morning only to be told that the station was shutting down the news operation, effective immediately,” Burdette shared. “Keep in mind, it’s 1989, I’m making $13,000 a year and I just became unemployed. Perhaps that should have been a signal to me, but I forged on and took a job in St. Joseph, Missouri.
“From there, I went on to work at a station in Wichita, Kansas, then Kansas City, Missouri and onto Rochester, New York. I was freelancing in NYC when I took a job that was offered to me by a former employer who had relocated to Scranton-Wilkes-Barre, Pennsylvania. I always tell the young professionals in our industry not to ever burn bridges. My former boss hired me as a consumer reporter. He allowed me to create the on-air persona that developed into the lifestyle personality that our viewers see from me today. That opportunity allowed my personality to drive the segments. One could say it was the genesis of the ‘Where
is Sherman’ product.”
In his current role at FOX59, Burdette has created a blend of everything that defines him. He is an actor, a reporter and an advocate for his community.
“I am blessed to be able to do what I do,” Burdette expressed. “Everything came full circle for me and brought me back to my hometown. The element of community is one of the things that drives me. I enjoy being able to profile small businesses and brick and mortar shops. I really am a small town guy.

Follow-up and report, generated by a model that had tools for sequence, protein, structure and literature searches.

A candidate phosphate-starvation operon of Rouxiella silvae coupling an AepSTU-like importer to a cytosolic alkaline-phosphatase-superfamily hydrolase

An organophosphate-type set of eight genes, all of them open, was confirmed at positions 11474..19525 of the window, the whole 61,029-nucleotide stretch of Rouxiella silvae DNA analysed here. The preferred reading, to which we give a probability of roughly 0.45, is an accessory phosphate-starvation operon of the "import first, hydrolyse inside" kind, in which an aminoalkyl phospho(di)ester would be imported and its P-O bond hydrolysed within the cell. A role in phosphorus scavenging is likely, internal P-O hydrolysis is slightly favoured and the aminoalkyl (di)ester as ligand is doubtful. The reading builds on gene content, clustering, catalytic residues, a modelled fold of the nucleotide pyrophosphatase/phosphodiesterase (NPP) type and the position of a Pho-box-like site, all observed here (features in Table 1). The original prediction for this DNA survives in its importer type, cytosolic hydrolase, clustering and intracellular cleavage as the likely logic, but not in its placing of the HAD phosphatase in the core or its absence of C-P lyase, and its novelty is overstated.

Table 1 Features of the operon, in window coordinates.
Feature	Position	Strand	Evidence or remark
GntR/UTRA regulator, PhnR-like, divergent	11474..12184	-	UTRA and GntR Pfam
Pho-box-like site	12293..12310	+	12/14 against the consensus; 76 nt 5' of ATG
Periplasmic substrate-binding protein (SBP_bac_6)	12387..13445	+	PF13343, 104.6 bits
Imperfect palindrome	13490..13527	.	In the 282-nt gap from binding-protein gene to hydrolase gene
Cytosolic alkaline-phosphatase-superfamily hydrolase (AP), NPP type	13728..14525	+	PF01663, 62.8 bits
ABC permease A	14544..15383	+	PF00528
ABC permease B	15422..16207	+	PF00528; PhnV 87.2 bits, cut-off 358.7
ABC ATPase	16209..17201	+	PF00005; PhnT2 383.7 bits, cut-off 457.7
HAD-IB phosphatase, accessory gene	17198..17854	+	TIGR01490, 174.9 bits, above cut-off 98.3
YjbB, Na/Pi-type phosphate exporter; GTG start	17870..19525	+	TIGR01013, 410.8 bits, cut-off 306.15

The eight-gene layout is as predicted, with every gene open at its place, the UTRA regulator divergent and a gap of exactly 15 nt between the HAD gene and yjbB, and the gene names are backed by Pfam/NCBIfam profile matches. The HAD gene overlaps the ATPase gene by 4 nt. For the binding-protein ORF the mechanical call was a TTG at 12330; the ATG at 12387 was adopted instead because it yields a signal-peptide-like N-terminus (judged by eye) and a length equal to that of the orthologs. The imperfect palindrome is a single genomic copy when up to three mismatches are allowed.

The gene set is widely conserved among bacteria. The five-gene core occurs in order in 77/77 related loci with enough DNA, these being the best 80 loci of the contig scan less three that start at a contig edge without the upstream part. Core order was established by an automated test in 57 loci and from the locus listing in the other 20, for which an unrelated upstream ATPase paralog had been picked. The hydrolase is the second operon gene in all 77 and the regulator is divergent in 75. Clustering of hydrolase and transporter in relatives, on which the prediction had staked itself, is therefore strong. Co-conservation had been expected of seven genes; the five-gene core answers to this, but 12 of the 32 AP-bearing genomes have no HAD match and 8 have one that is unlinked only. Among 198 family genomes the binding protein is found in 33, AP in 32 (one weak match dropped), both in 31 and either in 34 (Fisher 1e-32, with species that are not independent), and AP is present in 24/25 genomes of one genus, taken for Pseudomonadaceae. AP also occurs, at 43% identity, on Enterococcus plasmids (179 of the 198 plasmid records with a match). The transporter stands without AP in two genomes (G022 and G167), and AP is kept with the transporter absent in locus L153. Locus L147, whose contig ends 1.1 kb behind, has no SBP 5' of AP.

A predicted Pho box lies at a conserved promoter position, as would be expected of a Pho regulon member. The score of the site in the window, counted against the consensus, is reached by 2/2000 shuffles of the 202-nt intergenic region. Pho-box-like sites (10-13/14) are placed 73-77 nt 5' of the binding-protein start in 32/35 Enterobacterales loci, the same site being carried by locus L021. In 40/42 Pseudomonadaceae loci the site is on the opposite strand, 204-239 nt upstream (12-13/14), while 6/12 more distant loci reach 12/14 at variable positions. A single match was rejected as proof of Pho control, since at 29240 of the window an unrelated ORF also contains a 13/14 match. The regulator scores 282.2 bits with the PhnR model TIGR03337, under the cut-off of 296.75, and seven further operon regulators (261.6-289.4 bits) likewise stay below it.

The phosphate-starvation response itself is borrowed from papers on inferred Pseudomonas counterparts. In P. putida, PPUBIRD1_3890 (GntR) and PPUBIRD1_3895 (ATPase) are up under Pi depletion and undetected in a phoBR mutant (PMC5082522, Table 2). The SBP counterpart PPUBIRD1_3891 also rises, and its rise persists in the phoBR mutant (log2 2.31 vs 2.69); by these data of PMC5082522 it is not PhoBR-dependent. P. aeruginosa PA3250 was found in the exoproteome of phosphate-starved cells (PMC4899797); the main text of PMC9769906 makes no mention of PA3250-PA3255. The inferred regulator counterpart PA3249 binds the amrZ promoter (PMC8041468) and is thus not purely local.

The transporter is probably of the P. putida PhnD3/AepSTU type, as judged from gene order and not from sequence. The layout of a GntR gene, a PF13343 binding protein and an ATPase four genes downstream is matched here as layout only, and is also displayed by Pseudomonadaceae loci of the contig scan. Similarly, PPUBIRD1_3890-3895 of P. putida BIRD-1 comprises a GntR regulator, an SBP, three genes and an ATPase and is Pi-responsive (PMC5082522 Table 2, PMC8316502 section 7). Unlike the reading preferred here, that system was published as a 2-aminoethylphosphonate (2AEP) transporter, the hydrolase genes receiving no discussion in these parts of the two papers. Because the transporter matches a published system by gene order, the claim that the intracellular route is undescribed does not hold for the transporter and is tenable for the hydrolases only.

“After traveling and working around the country, I’ve discovered that what really makes this country successful are the small towns, small businesses and the community events that go along with those. For me, small towns are big news.
“The paying it forward fundraisers are very important to me. We do a segment on FOX59 Morning News called ‘Paying It Forward.’ While I can’t name just one particular segment that impacted me the most, I can say that the ones where we have featured children battling a terminal illness and watching them champion for their causes with cheerful dispositions and bright smiles are the ones that inspire me the most. Those are the ones that make me sit back and think to myself how blessed I really am to be able to do this job.”
Burdette recently moved to Zionsville in 2014. He would often visit the historic suburban town when visiting his family. His mother was battling pancreatic cancer when he received an email from FOX59. This led to him moving to Indiana and developing “Where is Sherman.”
As a northside resident, Burdette has featured many of the diverse businesses, galleries and specialty shops in Carmel. “After I moved back to Indy, I was impressed with all of the new developments in Carmel,” Burdette expressed. “I’ve traveled extensively and have lived throughout the country, and I can say with certainty that Carmel ranks up there with the nation’s top suburbs.
“I love the local art and the entertainment venues in this city. Most of my personal art collection is of paintings and pottery from local artists. It is an incredible city to work, shop, live and entertain in. Carmel is just another one of my favorite things about being back in my home state of Indiana.”
Tune in to see Sherman on FOX59 Morning News weekdays from 7-10 a.m. and visit fox59.com under Morning News/Where is Sherman to view his segments online.